Wow, this week has passed rather quickly. It's the last week of holidays before we head back to school to prep for students to return. (But, don't be jealous if you have already returned to work; in order to make up for the late start of school this year, we are shaving off holidays during the school year, ie. the buffer days that used to exist in between terms, which I would have probably rather kept.) Since I am nursing a foot injury (plantar fasciitis on both feet, sigh...), I did some planning, read some books, and hung out with the hubby*. It is so luxurious to be able to have lunch and coffee dates with my husband during the week! I love it.
*The hubby works from home.
Anyhow, I thought I'd jot down some notes about Switch, which is written by Chip and Dan Heath of Made to Stick fame. Switch is a book about how to initiate change in other people or in a system, when people's natural inertia is to resist change. I wanted to read this book because I think that as teachers, we are constantly trying to change our students' approaches and attitudes towards their learning. In our minds, there is a vision of what an ideal student does, and we are striving to move all of our students a bit closer to that model. For example, for me, an ideal student is always actively engaged and reflective of their learning. They are always asking questions and trying to draw connections between topics. They are risk-takers, communicators, and they have a deeply rooted growth mindset. The ideal student does not necessarily always enter the class with all of the skills from previous classes (...in fact, sometimes they can be missing significant skills...), but they have a big, open heart, ready to take on feedback and to re-tool their learning processes as needed.
The book outlines a deceptively simple framework for initiating change, and then it illustrates the use of this framework through a variety of almost unbelievably successful stories. The framework is basically this:
* Motivate people emotionally. In order for someone to change, they have to want to change. You don't motivate people using numbers or research, because our intellect is not what causes us to change; you have to find a way to give them a vision and trigger their emotions. Sometimes, this can mean helping them to envision or build a new identity, because we tend to behave in a way that we wish to see ourselves. (This is a silly example, but have you ever wanted to buy something from a store that looks really stylish, but whose clothes are not very flattering on you? You're subconsciously trying to assume the identity of the type of person who would shop at that store, and you're shifting your behavior to match that identity. Another example is how Geoff and I started composting. In Seattle, it's part of our collective identity because the city provides infrastructure and even a small financial incentive to compost, as compost-collection costs less than regular garbage. Now that we have grown to see ourselves as composters, we can't seem to break the habit of looking to compost everywhere, even when we're away traveling. It has changed our behavior permanently!)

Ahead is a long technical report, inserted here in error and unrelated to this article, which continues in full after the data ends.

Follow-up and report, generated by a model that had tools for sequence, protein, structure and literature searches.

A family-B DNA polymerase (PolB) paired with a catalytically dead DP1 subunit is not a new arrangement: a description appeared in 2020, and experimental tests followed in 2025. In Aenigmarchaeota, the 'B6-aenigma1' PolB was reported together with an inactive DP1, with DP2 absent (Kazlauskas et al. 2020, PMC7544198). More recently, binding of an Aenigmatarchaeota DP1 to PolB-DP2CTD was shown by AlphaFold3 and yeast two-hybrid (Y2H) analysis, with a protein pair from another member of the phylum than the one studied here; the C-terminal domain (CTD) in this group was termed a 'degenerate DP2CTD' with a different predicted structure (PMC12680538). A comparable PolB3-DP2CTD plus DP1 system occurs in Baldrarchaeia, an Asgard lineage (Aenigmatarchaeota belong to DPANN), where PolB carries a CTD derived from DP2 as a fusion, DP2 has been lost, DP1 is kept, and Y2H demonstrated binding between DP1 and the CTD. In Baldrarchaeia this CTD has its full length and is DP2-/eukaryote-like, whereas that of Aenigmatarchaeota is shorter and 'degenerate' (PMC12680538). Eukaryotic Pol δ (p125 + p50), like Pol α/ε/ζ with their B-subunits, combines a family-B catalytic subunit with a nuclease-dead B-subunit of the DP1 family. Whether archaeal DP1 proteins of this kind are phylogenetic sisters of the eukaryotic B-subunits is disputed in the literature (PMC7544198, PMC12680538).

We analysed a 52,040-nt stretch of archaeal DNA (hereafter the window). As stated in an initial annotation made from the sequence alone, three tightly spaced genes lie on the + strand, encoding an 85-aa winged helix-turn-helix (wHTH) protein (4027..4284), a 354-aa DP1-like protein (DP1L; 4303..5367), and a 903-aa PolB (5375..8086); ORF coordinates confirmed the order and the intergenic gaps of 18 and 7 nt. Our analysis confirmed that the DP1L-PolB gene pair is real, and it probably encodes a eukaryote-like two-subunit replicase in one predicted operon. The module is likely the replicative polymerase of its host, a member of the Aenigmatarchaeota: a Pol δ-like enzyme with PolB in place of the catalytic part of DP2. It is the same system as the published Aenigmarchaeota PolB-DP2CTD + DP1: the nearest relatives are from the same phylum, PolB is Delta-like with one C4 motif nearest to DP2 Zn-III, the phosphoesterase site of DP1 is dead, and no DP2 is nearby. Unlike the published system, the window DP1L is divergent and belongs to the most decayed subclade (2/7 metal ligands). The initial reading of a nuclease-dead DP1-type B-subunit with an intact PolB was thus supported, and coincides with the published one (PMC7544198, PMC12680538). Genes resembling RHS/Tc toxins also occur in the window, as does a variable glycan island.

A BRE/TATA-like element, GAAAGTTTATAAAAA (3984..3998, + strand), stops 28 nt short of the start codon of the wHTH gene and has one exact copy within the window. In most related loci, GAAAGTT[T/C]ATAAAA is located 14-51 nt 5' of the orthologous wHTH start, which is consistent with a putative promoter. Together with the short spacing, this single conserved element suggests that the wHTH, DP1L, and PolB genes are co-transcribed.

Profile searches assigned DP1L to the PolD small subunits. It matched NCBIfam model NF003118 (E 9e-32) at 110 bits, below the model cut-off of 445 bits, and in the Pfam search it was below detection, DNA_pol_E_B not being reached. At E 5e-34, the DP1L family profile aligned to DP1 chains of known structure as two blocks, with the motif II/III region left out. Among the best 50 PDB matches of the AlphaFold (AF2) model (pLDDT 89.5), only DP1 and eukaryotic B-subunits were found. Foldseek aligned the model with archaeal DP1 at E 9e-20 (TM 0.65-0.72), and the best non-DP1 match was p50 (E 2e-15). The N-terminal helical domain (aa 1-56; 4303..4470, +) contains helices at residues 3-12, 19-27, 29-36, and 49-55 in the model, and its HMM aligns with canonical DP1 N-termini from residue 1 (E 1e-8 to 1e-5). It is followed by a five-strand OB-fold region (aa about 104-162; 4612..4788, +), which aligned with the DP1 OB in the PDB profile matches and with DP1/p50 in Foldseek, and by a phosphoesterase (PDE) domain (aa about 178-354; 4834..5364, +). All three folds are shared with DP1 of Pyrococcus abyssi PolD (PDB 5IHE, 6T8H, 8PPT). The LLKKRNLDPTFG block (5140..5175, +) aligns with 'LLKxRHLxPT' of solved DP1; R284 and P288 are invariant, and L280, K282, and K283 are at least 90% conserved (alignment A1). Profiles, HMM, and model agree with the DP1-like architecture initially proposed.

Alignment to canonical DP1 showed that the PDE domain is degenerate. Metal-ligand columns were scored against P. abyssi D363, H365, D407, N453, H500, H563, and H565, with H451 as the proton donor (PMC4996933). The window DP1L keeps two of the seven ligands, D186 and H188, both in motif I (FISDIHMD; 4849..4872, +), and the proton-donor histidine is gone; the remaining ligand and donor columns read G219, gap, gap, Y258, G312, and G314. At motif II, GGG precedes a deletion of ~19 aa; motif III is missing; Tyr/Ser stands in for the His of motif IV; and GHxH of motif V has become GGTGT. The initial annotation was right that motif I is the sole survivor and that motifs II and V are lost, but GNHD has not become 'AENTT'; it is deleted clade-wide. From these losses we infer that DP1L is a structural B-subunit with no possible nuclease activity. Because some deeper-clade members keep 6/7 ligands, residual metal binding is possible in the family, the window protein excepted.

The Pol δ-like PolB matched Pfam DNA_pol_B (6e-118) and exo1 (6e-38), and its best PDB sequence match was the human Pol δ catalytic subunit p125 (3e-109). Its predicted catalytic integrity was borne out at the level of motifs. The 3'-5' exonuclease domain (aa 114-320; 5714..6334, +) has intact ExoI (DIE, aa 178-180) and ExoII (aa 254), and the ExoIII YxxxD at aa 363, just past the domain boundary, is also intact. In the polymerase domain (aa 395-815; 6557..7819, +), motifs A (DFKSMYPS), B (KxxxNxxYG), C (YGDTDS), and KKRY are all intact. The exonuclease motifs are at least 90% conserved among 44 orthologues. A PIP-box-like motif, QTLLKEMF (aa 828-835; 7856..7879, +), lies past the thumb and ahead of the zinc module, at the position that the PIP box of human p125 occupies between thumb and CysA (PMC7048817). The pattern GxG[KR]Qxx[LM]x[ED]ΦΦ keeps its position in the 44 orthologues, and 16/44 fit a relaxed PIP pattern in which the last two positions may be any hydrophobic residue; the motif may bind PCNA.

* Give clear directives and "shrink the change". Once you get people on board emotionally to change (which, I know, isn't easy), you have to give them clear, achievable, and black-and-white goals in order for them to get started and feeling successful. The example given in the book is that instead of telling someone to "eat healthy", to say instead to "drink 1% milk." This clear health directive has completely shifted the way America now consumes milk. When you script these directives, think in terms of something immediately achievable, although you can link it to a longer-term vision that it will hopefully pave way to. Give the brain a reason to follow the change and give it also a clear path to follow.
* Follow the bright spots. Change is hard and change takes time. Instead of focusing on what isn't working, look for what is working and highlight those consistently. Find ways to duplicate the success until it creates a positive momentum. For example, are 70% of the kids turning in their projects on time? Praise those kids and ask them to share what strategies are working for them to help them stay ahead of schedule.
* Shape the path. Are you making it as easy as possible for people to create and maintain the change? For example, if your students are not in the habit of doing homework, are you posting homework online and giving them organizers in order to help them ease into the habit? Are you finding ways to create a positive group culture wherein the norm is to do homework? If the change you wish to see is kids volunteering to speak in class, are you providing a structure wherein it's the norm to speak up?
I liked the book, but what I would like to hear is what other teachers think are challenging changes to institute in their classroom, and how we can use this framework as a lens to help us think about transitioning students into more successful learners over time. For example, one incentive that I want to try this year is the ability for the class to earn "homework passes" by showing consistency in completing homework. It's not so much the homework that I care about, as much as I care about them doing and thinking about math consistently outside of the classroom and really attempting problems when I am not there by their side. I figure that if I start with an incentive system, over time the learning will hopefully become its own reward, and I can wean them off of "homework passes." But, in the mean time, it can help me to shrink the change from "be a more proactive learner" to "try your homework", to help the kids who don't already have good study habits to start to build them.